Politicians Need to Stop Weaponizing Testing
Testing is a means to an end — an actual response to the pandemic
On several occasions, President Trump has made the claim that we have more cases because we are testing more, and has gone as far as to “joke” that we should stop testing so many people. Ohio representative Nino Vitale made similar claims recently, telling his constituents to literally stop getting tested. What these politicians, either knowingly or unknowingly, are missing is that testing is not an end in itself. It is a key part of our larger Covid-19 response. Rather than acknowledging this, they are instead weaponizing testing as a political tool by which to hide the incompetencies of the current response.
Testing is critical for a number of reasons — the first being its role in contact tracing and isolating. We don’t test to simply test — we do so to isolate and/or treat the index case, trace their contacts, quarantine those people accordingly, and stop chains of transmission. Why the administration is failing to clearly acknowledge this pillar of the response is beyond comprehension.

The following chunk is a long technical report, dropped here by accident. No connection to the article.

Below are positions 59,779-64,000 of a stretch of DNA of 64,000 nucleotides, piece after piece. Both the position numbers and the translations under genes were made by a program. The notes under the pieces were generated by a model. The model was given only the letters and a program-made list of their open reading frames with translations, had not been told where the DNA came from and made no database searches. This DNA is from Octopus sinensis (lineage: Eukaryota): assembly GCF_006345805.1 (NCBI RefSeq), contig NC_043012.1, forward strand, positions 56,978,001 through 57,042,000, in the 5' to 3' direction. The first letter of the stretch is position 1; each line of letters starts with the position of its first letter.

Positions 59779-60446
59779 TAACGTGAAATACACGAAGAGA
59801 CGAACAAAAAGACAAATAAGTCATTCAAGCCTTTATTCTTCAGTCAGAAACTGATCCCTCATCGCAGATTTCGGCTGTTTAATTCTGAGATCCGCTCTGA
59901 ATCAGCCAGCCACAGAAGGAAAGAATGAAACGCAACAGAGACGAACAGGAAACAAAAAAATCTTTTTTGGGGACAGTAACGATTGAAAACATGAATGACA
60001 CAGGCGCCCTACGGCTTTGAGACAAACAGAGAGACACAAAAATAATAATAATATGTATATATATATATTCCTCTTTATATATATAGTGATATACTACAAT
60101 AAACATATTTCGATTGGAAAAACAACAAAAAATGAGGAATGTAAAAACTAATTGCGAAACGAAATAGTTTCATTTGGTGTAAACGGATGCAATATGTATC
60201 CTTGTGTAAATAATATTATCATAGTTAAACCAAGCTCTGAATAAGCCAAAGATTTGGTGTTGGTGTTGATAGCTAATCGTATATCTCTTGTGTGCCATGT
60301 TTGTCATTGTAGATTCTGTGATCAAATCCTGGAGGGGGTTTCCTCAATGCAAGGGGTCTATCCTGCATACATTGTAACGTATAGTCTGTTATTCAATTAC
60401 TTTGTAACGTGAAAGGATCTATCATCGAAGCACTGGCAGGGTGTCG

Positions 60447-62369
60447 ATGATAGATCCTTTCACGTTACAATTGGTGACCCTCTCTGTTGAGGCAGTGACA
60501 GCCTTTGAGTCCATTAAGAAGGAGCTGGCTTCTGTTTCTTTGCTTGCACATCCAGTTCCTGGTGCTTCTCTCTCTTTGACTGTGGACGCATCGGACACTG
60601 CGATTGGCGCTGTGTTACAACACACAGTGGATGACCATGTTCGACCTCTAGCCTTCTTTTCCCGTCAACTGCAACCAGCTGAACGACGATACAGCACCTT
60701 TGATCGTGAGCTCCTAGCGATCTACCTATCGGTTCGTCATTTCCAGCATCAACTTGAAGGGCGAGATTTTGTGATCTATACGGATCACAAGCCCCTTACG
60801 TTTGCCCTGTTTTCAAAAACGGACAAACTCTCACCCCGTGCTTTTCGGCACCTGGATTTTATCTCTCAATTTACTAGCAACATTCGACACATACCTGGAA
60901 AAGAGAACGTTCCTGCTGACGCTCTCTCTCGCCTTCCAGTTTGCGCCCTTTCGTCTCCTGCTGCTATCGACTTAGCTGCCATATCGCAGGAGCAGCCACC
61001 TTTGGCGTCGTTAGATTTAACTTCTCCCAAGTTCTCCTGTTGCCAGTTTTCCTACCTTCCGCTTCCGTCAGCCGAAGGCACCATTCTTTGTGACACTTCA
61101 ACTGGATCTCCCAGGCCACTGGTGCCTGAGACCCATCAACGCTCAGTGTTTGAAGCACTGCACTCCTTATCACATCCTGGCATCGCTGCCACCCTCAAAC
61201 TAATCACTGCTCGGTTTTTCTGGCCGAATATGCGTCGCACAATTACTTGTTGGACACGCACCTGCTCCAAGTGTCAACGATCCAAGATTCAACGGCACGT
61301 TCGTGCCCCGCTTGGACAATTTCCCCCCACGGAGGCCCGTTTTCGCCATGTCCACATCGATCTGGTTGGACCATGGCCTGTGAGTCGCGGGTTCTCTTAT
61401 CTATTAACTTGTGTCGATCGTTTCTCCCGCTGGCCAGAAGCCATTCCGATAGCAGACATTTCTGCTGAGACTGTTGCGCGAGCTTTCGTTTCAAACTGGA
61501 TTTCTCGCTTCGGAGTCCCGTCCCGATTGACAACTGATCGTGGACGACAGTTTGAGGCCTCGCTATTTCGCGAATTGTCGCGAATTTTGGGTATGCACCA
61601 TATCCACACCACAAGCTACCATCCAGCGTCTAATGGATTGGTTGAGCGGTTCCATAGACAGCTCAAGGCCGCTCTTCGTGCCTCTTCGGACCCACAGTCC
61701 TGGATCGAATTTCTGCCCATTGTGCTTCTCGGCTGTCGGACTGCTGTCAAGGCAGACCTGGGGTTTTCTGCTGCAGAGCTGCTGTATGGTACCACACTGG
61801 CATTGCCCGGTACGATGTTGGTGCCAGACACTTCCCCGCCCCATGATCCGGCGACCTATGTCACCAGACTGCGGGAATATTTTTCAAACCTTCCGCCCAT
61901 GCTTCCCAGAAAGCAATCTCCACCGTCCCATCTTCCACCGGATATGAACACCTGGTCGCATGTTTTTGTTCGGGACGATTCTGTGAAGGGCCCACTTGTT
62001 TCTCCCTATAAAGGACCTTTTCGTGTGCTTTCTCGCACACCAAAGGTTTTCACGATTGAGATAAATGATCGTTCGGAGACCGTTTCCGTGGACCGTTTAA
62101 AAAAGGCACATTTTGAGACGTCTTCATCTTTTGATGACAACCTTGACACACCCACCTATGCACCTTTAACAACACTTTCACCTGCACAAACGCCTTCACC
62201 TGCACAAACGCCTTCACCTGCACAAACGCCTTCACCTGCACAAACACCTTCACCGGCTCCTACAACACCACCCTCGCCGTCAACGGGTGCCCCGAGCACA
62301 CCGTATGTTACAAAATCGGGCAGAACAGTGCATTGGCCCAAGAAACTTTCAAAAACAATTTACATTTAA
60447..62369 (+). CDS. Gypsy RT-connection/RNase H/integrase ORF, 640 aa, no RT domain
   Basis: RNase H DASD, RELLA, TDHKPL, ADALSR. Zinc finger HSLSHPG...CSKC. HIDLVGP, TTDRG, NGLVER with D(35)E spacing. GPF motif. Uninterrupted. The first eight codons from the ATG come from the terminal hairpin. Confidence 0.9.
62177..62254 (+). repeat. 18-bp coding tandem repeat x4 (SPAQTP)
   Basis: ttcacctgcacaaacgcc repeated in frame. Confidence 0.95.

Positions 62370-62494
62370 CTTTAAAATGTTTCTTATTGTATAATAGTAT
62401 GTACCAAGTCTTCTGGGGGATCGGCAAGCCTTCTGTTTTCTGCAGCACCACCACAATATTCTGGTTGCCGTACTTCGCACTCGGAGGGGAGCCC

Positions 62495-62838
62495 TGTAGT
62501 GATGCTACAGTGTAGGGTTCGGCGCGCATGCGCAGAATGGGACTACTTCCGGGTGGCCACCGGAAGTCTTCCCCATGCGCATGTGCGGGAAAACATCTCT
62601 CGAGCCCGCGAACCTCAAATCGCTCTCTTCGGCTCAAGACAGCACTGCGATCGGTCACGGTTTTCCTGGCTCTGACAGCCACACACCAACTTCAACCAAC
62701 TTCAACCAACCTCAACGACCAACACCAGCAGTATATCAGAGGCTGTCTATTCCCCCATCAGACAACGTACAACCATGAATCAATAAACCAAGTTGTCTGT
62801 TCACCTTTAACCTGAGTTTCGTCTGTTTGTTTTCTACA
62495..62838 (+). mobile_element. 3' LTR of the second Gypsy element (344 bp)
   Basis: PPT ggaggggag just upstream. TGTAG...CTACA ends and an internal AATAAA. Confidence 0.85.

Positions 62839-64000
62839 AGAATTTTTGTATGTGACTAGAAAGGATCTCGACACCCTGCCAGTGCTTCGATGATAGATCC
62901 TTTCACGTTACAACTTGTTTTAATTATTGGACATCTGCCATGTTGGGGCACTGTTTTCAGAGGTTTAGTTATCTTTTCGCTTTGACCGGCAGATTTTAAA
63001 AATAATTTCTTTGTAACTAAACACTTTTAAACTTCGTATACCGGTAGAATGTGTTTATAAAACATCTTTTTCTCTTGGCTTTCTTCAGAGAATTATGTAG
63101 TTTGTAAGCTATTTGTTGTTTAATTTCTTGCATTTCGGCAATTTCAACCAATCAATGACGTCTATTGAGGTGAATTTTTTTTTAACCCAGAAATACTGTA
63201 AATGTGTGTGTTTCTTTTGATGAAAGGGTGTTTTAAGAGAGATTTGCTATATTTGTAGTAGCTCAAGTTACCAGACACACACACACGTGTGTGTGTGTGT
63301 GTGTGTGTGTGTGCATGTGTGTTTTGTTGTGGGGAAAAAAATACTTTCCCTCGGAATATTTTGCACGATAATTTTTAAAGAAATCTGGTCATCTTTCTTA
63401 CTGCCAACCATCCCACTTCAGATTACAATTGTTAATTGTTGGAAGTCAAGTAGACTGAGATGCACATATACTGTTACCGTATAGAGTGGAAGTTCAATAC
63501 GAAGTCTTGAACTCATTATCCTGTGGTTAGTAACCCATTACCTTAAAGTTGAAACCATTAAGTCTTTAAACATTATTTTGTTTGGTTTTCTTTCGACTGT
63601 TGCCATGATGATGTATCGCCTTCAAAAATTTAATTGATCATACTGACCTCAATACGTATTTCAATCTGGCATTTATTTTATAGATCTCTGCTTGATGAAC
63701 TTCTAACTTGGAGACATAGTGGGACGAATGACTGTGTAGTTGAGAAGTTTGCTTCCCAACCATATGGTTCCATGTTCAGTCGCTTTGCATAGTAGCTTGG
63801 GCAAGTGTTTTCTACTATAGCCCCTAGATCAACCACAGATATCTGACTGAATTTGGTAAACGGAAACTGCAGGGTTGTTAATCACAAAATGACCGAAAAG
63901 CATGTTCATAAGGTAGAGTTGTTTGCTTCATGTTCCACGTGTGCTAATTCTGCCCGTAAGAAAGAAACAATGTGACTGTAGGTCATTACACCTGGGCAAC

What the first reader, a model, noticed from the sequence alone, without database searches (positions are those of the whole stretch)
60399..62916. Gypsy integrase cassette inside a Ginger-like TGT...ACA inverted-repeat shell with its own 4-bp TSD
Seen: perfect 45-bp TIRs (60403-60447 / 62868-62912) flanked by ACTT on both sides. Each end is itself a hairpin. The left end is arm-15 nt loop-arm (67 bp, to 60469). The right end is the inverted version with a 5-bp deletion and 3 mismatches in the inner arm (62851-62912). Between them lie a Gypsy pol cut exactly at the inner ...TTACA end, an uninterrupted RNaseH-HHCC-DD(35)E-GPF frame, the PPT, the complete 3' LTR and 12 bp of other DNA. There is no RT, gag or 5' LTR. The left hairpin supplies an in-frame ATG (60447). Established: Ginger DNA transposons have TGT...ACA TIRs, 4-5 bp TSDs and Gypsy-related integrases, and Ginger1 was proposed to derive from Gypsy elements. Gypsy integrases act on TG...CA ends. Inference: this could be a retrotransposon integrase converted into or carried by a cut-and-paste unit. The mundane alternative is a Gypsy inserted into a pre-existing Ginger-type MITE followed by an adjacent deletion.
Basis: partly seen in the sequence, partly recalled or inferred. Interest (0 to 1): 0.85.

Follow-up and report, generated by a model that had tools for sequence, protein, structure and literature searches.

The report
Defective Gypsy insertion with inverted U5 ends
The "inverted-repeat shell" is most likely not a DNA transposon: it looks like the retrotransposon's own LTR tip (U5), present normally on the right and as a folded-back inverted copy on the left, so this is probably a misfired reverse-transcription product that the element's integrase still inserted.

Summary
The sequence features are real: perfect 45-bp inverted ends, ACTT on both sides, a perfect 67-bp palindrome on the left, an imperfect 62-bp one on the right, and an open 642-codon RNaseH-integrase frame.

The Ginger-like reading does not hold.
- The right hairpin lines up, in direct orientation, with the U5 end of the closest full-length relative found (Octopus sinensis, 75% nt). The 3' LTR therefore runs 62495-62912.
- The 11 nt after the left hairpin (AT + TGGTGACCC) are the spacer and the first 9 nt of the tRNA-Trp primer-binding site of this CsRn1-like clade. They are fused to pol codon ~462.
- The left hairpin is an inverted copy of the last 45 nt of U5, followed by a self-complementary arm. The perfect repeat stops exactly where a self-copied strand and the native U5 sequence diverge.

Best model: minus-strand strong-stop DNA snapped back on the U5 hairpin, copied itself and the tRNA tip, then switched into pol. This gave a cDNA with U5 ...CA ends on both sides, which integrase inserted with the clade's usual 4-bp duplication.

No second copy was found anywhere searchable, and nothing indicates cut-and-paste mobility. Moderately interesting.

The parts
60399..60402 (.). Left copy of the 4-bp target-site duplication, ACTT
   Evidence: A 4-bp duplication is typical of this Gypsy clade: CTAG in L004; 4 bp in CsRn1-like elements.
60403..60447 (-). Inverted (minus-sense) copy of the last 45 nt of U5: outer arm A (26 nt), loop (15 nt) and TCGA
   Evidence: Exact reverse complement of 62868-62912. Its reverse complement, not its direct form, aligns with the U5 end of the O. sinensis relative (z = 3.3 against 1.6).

A second key role of testing is for community surveillance to detect new outbreaks. As states reopen, having community-level data on the rates of new Covid-19 cases through regular testing will allow public health departments to quickly figure out where transmission is coming from to double down efforts accordingly by geography or where clusters are coming from.
Trump and others who are against expanding testing seem to be most concerned that more tests mean that it looks like we have more cases compared to other countries and that this makes them look bad politically.
We need to get absolutely clear on this point: Testing less does not mean we have fewer cases — it just means we are not detecting those cases. Those are still people who are sick with Covid-19. Those are still people who are transmitting to other people. Those are still patients who will eventually get sicker, may need a hospital bed, and possibly a ventilator. The administration’s denial of how critical it is to increase testing is nothing short of dangerous negligence.
And the upshot is that they are doing poorly politically because they have failed to mount a unified national response to this epidemic. Six months in, the fact that a piece needs to be written to clarify why testing is so important is a sign of that in itself.